MN2373 Children in Worship: Speech, drama and song,  4:45-7:00 p.m.

Sally Beske, Assistant Organist and Director of Youth Choirs. First Community Church, Columbus, Ohio
The material in this course will help worship leaders gain practical ways to deepen the worship experience for their congregation by including children as active worship participants. We will explore ways of incorporating youth in hymns and songs, worship activities, children’s choirs and drama. We will discuss ways of coaching youth readers that will strengthen understanding of the text by both the reader and the congregation. This course includes material on the developmental needs of children and how to create the type of environment where a child’s participation supports their spiritual growth and the growth of the congregation. Course will include Orff instruments, hand bells, singing, group discussions, hand-outs, role playing, reading and multi-media lectures. One semester hour.

WEEK TWO: June 9 – 13

MN3771 Vocal Masterclass, 1:00-3:15 p.m.  

Sharon Stohrer, Voice Faculty, Capital University, Columbus, Ohio
This course is intended as a Master class and performance workshop for traditional (“classical”) sacred music. Those singers preparing for oratorio auditions should come with a “package” of five arias in German, Latin and English from the Baroque, Classical, Romantic and Modern eras. Ideally, they will be memorized, but scores may be used. Those singers preparing the Master of Arts in Church Music degree should come to the sessions with several pieces prepared, and in most cases, memorized. These will include a lengthy chant (e.g. solo setting of Magnificat, Exultet, etc), a sacred aria from an oratorio, mass or requiem, or other masterwork; an additional aria from opera or oratorio; two solo art songs – sacred or secular; and a psalm to lead and teach to the class. It is expected that at least three different stylistic periods and three different languages will be represented in the works chosen. The week will be spent polishing and performing the repertoire. We will also share and discuss sacred music resources for soloists and small ensembles. One semester hour.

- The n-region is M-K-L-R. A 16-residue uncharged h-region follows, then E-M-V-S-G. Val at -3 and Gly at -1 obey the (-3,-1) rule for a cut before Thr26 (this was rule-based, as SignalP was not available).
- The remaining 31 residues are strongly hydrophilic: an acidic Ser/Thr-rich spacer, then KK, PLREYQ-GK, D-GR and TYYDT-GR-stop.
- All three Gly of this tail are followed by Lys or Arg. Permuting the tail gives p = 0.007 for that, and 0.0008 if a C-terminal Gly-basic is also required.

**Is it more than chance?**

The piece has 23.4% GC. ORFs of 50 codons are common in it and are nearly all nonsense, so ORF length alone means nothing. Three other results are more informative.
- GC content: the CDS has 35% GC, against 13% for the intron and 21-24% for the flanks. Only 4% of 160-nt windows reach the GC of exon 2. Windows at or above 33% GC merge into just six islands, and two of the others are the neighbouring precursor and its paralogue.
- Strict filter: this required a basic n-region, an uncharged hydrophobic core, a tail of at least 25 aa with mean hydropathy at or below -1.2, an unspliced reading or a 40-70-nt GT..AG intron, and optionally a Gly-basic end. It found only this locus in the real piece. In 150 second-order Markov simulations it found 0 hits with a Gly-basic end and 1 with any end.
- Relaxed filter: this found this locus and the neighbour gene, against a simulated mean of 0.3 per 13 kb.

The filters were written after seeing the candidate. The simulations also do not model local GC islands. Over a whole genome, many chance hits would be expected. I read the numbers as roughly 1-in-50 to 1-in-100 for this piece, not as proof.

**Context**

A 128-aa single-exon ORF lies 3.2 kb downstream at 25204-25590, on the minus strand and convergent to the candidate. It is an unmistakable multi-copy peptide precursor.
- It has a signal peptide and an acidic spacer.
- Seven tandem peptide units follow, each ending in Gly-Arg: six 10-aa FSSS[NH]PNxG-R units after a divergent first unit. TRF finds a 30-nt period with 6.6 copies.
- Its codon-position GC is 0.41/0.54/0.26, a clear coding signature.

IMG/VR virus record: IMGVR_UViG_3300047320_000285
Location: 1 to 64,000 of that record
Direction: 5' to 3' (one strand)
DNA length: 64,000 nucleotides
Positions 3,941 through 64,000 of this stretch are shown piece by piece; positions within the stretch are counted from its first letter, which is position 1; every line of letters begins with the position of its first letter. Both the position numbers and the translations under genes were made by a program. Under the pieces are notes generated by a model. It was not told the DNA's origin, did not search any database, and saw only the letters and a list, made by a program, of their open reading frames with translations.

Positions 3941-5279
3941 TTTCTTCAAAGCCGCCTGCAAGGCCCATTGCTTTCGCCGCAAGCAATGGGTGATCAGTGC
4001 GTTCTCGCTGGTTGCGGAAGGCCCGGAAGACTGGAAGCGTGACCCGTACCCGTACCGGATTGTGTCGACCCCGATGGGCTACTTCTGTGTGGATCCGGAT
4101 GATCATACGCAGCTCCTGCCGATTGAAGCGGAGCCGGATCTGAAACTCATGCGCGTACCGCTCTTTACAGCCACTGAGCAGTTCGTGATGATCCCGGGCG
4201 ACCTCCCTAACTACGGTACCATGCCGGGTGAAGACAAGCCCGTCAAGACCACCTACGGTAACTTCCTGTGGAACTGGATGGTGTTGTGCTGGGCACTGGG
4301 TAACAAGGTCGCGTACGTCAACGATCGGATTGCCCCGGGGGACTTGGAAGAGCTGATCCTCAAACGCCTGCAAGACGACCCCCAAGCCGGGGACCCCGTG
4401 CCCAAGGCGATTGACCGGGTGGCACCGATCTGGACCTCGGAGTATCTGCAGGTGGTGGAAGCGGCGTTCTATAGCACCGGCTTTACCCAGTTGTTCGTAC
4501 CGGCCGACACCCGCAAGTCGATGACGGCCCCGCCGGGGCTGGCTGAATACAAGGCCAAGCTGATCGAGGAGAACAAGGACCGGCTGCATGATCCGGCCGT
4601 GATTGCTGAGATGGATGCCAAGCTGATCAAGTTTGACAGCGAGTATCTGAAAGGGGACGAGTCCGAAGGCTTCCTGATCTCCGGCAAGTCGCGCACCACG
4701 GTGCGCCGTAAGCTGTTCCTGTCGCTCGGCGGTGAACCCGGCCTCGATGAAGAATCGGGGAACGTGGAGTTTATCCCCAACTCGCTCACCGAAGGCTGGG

MN1704 Perspectives in Choral Conducting, 3:45-6:00 p.m.   

James Gallagher, Church Musician; Emeritus Director of Choral Activities, The Ohio State University, Columbus
Explore conducting and rehearsal techniques and repertoire. Provides opportunity to put conducting techniques into practice. Course may be repeated. One semester hour.

MN2172 Music & Worship in the African-American Tradition , 3:30-7:00 p.m   

Raymond Wise, Affiliated Professor of Church Music, Trinity Lutheran Seminary, Columbus, Ohio
A study of music and worship forms of the African American Christian tradition with emphasis on historical development, an understanding of the African American aesthetic and practical applications for congregational music and worship (Includes paper/project to be completed outside of class. Paper/project not required for auditors.) This course fills concentration core for M.A.C.M. students and Music Option for M.Div. students. Two semester hours.

MN2661 A Family Systems Approach to Congregational Life, 1:00 – 3:15 p.m.

Emlyn Ott, Dean of Leadership Formation, Trinity Lutheran Seminary and Executive Director, Healthy Congregations, Inc.
The New Testament speaks of the church as a living organism – “The Body of Christ.”  The apostle Paul makes it clear that the “body of Christ” is a whole comprised of many parts, yet functioning as one.  This course will focus on one model that looks at communities of faith as a whole.  An introduction to a Bowen family systems approach to the development of healthy dynamics in communities of faith will be at the heart of the course.  The participant will gain an understanding of the processes and practices that encourage growth, challenge and resilience in communities of faith.  One semester hour.  Please note Healthy Congregations Special Opportunity associated with this class.

WEEK THREE: June 16 – 20

MN2331 Creating Relevant Worship, 1:00-3:15 p.m.   

Glenn Hecox, Lead Team, Abiding Hope Lutheran Church, Littleton, Colorado